Also…it cost me $50 in cash to get the shot at the airport in TZ…if you’re in the US and finding there is a backorder of the immunization, you may be able to get it once you get to Kenya.
Arrange with your tour company or your hotel to be picked up from the airport. It’s the easiest way especially if it’s your first time in Kenya It cost me $15 USD for a ride to my hotel in central Nairobi, including the extremely long time it took in traffic!
Now that I’ve been here for a week though, I’ve discovered that there’s also Uber here, and the fare is about $8-$12. You probably already have it, but if not, my code is ‘6aim9’ 😉
Take Ksh (Kenyan Shillings) out from an ATM at the airport when you arrive. I got by for five days using only about $100 (Ksh 10,000) for souvenirs and tips. U.S. dollars can also be used and sometimes preferred because they can exchange them for more shillings than the exchange rate will give you!
An easy way to remember the exchange rate is roughly $1 USD = 100 Ksh
Or even easier, just download the free super-basic app called Units Plus.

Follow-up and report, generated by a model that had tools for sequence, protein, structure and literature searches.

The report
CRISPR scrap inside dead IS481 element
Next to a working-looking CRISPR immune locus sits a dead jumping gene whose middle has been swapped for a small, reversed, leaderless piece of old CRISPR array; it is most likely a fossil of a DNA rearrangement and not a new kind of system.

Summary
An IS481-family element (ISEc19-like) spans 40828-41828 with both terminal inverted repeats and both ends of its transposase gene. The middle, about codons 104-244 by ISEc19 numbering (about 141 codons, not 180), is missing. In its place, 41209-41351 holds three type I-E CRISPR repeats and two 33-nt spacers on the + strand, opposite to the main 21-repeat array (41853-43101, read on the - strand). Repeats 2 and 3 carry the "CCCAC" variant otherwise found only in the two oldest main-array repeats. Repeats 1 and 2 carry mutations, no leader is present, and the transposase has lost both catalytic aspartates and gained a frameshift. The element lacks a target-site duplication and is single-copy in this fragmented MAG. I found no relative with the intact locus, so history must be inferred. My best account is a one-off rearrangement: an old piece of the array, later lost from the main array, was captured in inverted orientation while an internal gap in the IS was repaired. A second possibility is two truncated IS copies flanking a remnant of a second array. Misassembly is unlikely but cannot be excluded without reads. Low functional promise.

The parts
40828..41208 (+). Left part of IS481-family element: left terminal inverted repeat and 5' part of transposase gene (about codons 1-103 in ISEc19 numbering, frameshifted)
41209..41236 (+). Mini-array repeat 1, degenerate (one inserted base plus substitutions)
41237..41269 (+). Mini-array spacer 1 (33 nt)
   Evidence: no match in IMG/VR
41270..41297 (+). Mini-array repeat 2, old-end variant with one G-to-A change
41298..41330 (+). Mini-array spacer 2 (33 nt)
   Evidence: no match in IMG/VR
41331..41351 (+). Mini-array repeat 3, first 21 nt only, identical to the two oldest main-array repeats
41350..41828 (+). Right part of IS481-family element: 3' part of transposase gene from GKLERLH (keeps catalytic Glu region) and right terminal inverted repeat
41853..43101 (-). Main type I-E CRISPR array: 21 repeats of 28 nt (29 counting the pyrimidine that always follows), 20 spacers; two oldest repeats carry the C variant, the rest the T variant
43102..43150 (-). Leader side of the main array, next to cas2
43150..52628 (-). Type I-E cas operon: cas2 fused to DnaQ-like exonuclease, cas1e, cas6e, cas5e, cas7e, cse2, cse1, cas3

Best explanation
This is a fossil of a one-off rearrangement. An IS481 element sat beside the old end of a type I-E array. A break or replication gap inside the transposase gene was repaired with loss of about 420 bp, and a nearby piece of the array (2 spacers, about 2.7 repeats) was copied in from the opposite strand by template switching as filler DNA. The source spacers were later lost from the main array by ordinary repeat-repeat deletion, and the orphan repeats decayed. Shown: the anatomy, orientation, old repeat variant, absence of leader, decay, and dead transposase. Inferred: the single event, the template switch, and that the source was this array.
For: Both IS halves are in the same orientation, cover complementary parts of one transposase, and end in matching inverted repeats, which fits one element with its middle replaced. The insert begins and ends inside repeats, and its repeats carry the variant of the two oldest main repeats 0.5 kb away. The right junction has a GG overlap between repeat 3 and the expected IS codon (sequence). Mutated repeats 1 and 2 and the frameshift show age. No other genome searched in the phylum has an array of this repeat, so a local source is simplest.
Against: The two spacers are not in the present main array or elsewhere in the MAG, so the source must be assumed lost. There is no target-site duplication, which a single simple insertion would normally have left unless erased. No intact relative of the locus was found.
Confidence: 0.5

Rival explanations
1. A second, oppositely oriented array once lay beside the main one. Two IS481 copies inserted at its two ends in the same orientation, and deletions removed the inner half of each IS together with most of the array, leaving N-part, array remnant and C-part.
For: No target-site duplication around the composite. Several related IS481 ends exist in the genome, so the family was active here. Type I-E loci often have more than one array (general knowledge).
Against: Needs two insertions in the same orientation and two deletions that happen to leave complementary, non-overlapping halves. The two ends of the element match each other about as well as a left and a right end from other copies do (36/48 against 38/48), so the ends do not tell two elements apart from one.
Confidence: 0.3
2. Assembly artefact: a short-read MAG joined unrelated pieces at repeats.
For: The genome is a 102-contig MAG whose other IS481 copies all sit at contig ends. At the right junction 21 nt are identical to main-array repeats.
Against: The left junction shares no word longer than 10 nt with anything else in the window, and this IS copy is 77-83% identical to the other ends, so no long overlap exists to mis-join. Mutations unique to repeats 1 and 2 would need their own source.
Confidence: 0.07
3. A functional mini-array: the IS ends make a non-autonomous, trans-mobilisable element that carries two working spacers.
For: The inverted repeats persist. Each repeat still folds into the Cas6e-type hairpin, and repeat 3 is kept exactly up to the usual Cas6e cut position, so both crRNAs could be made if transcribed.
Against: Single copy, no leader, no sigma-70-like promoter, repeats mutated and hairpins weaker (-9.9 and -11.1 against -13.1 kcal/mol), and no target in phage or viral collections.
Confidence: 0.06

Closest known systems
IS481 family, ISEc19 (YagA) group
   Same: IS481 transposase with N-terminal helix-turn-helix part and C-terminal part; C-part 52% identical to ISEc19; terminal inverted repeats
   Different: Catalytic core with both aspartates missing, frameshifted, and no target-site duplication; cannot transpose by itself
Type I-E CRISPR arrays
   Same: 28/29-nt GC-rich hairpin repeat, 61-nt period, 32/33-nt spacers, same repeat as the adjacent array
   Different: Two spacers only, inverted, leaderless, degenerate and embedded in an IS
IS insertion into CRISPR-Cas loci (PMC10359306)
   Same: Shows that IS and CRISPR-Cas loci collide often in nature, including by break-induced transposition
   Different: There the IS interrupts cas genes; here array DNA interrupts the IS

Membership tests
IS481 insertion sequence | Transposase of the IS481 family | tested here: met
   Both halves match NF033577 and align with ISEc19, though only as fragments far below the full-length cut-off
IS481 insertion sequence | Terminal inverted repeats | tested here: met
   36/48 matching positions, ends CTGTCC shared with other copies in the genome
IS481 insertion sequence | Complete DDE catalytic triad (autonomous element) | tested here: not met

Usually I use a WiFi hotspot when I travel but it doesn’t work in Africa. Kenya was actually the first time I bought a local SIM card and I was really surprised with how cheap it was and how well it worked!
You can also get these at the airport and the person working the booth (use either SafariCom or Airtel) will set it up for you.
It should only cost about 100 Ksh ($1) for the SIM card, and then I got the max data for 7 days which was like 2GB for only 200 Ksh ($2), and that lasted me for 5 days when used wisely. As in, checking my mail sparingly and posting on Instagram once a day.
WiFi can be found at most hotels and restaurants, but not likely at your camp in Masai Mara.
The people in Kenya, especially Nairobi, are very intellecutual, respectful, and friendly. Nairobi is a massive innovation hub with many schools and a big U.N. community. Essentially, the people here are just like people in the US…except they can all speak more than one language!
There are two main indigenous tribes that are still prevalent and practiced in Kenya; the Samburu and the super popular and recognizable Masai, who still wear the red colored garments called “shuka” and hold their distinctive ball-ended sticks, even outside of their villages! I met one young Masai man at my safari camp who said he goes to university and is only one of two Masai in his class, and he still proudly wears his shuka over his regular clothes!